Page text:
One Metric to Measure them All: Localisation Recall Precision (LRP) for Evaluating Visual Detection Tasks

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Oksuz K., Cam B. C. , KALKAN S., AKBAŞ E.

IEEE Transactions on Pattern Analysis and Machine Intelligence, 2021 (Peer-Reviewed Journal) identifier identifier

  • Publication Type: Article / Article
  • Publication Date: 2021
  • Doi Number: 10.1109/tpami.2021.3130188
  • Journal Name: IEEE Transactions on Pattern Analysis and Machine Intelligence
  • Journal Indexes: Science Citation Index Expanded, Scopus, Academic Search Premier, PASCAL, ABI/INFORM, Aerospace Database, Applied Science & Technology Source, Business Source Elite, Business Source Premier, Communication Abstracts, Compendex, Computer & Applied Sciences, EMBASE, INSPEC, MEDLINE, Metadex, zbMATH, Civil Engineering Abstracts
  • Keywords: Localisation Recall Precision Average Precision Panoptic Quality Object Detection Keypoint Detection Instance Segmentation Panoptic Segmentation Performance Metric Threshold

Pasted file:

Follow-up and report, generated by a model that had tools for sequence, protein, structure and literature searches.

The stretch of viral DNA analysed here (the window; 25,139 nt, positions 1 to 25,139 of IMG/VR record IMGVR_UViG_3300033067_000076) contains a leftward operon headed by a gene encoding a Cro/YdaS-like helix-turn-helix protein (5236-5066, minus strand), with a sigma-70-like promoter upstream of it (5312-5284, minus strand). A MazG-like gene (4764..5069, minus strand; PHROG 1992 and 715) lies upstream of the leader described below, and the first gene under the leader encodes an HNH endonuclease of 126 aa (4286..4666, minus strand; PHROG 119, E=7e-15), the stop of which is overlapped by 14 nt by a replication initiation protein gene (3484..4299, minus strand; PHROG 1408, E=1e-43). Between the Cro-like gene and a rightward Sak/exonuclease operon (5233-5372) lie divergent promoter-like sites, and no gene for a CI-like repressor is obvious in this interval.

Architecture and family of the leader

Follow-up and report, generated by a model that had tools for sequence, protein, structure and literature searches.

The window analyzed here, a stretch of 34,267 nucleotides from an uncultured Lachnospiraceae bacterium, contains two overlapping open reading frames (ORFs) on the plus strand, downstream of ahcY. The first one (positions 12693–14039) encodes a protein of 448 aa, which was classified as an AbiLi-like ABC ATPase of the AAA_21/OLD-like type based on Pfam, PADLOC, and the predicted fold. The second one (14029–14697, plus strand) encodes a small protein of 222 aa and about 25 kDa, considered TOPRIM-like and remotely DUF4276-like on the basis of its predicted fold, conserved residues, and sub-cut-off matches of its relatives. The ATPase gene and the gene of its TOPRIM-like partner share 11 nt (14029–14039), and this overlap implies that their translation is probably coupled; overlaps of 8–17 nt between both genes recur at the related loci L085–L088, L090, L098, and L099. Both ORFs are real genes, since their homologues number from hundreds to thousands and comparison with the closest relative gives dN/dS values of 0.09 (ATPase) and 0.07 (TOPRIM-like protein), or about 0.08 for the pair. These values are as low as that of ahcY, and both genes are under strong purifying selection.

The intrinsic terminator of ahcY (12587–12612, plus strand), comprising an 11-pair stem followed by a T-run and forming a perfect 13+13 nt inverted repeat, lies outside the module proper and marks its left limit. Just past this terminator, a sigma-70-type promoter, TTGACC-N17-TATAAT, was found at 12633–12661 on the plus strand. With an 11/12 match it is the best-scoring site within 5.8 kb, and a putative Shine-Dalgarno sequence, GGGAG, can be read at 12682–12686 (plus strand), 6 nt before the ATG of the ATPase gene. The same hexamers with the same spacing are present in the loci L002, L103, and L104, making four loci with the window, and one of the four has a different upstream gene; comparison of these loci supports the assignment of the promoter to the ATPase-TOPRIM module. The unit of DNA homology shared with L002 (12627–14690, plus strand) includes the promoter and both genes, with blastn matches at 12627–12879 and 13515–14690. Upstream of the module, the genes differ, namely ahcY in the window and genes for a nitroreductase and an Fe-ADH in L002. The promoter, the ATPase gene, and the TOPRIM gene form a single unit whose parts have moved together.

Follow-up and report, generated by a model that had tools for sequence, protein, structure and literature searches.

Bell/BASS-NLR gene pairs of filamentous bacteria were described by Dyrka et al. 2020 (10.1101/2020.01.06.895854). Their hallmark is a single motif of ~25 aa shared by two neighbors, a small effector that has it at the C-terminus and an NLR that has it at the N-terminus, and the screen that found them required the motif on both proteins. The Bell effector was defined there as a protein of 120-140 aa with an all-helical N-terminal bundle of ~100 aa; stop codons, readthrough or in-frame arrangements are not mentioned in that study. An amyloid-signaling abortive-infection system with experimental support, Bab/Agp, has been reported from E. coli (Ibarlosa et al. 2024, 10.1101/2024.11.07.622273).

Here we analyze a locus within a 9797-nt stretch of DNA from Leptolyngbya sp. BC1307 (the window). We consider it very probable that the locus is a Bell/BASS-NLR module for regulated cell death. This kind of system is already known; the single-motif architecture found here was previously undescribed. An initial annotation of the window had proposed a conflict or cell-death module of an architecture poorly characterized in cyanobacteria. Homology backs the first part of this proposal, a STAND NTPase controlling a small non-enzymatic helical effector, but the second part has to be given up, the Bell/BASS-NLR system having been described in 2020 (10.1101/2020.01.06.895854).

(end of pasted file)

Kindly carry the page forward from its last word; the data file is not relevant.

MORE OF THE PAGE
IEEEDespite being widely used as a performance measure for visual detection tasks, Average Precision (AP) is limited in (i) reflecting localisation quality, (ii) interpretability and (iii) robustness to the design choices regarding its computation, and its applicability to outputs without confidence scores. Panoptic Quality (PQ), a measure proposed for evaluating panoptic segmentation (Kirillov et al., 2019), does not suffer from these limitations but is limited to panoptic segmentation. In this paper, we propose Localisation Recall Precision (LRP) Error as the performance measure for all visual detection tasks. LRP Error, initially proposed only for object detection by Oksuz et al. (2018), does not suffer from the aforementioned limitations and is applicable to all visual detection tasks. We also introduce Optimal LRP (oLRP) Error as the minimum LRP error obtained over confidence scores to evaluate visual detectors and obtain optimal thresholds for deployment. We provide a detailed comparative analysis of LRP with AP and PQ, and use nearly 100 state-of-the-art visual detectors from seven visual detection tasks (i.e. object detection, keypoint detection, instance segmentation, panoptic segmentation, visual relationship detection, zero-shot detection and generalised zero-shot detection) using ten datasets to empirically show that LRP provides richer and more discriminative information than its counterparts. Code available at: